Yeah, I do sometimes wonder if perhaps there’s a reason we find it difficult to resolve this kind of inquiry. Yes, I think they’re generally pretty wary of saying much exactly since it’s sort of beyond conceptual comprehension. Something probably beyond our ideas of existence and nonexistence. Glad to hear that! You’re welcome :)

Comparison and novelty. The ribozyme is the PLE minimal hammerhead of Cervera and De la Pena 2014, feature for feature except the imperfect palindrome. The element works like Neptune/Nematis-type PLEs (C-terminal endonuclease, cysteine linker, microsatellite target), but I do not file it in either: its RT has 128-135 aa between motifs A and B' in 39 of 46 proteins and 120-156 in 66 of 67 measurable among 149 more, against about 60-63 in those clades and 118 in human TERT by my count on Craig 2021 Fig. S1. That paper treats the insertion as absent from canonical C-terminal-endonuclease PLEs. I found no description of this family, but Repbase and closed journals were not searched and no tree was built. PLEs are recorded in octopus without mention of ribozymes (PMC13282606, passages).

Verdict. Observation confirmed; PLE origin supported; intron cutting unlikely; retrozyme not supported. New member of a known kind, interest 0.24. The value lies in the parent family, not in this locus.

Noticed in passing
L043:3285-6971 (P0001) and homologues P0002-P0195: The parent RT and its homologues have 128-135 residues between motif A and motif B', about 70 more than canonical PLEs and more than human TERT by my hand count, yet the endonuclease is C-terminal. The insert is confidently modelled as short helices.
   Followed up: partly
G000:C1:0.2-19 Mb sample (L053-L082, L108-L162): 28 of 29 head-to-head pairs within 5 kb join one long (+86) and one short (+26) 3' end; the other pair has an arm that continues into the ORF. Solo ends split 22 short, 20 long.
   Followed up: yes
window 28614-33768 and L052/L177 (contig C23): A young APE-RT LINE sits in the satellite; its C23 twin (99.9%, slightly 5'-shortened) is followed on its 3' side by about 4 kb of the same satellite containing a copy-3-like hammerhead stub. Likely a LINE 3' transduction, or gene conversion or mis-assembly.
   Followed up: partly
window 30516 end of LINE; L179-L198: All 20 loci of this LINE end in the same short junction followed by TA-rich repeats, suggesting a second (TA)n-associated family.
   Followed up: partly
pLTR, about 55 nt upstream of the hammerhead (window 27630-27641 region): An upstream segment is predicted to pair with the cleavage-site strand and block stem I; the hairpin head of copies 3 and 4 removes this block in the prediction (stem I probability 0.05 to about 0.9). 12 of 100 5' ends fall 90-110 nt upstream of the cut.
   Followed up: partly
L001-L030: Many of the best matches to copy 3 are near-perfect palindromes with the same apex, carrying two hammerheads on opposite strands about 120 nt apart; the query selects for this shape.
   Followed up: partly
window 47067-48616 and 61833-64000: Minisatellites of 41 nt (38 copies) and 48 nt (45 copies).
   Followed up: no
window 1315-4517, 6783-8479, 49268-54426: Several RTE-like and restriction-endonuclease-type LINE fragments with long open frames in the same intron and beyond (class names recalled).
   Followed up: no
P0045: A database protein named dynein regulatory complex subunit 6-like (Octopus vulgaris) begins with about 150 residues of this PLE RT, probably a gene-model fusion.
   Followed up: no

On Flynn Campaign: I don’t know if it’s “a catastrophe” but I think it is maybe an example of overconfidence and naivete. As someone who has worked on campaigns and follows politics, I thought the campaign had a pretty low chance of success because of the fundamentals (and asked about it at the time) and that other races would have been better to donate to (either state house races to build the bench or congressional candidates with better odds like Maxwell Frost, a local activist who ran for the open seat previously held by Val Demings, listed pandemic prevention as a priority, and won. Then again, Maxwell raised a ton of money, more than all the other candidates combined, so maybe he didn’t need those funds as much as other candidates). Salinas was a popular, progressive, woman of color with local party support who already represented much of the district at the state level and helped draw the new one. So, it seemed pretty unlikely to me that she would lose to someone who had not lived in the state for years, did not have strong local connections, and had never run a campaign before, even with a massive money advantage. And from what I understand, the people in the district were oversaturated with ads to the point of many being annoyed. So I think of this as probably being an example where EAs would have benefitted from relying on more outside experts for which races to pick and how to run a campaign. There were a lot of congressional retirements this year, and there were probably better seats to try to win. Of course, nothing is going to guarantee a win though.On FTX: And it seems like if anyone had thought to ask to look at FTX’s balance sheets, things might have been different? At least, considering what a mess those balance sheets are (or whatever records make sense, I’m not a financial expert)? If FTX refused or if they shared something that didn’t make sense, maybe that would have been a warning sign. So that seems like another example of where more outside expertise could have maybe been beneficial and saved a lot of headaches. Individually, maybe no one has an incentive to vet FTX even if they get a grant from them. But if we care about the EA ecosystem as a whole, and hundreds of millions suddenly start pouring in from a new source, maybe someone with the relevant financial and accounting expertise should at least request to look at the balance sheets of the new megafunder, especially when it comes from an industry full of crashes and scams. I’m not sure if this would have changed things but the fact that it doesn’t seem to have happened means there are probably many other things that we are missing. Things that people with relevant expertise are more likely to see. And I know people have said “well look all these other VCs missed it, they never looked into it” but EA sort of prides itself on NOT just doing what everyone else does but using reason and evidence to be more effective. We could have had a process for investigating any new megafunder a bit more thoroughly, perhaps with the help of outside experts. Not just donating to the same charities or picking the same career paths or volunteering for the same organizations just because other people do but being effective. So why would we think this is a good reason for failing to attempt better due diligence with respect to movement finances? We can’t change the past, but surely we can change some things going forward.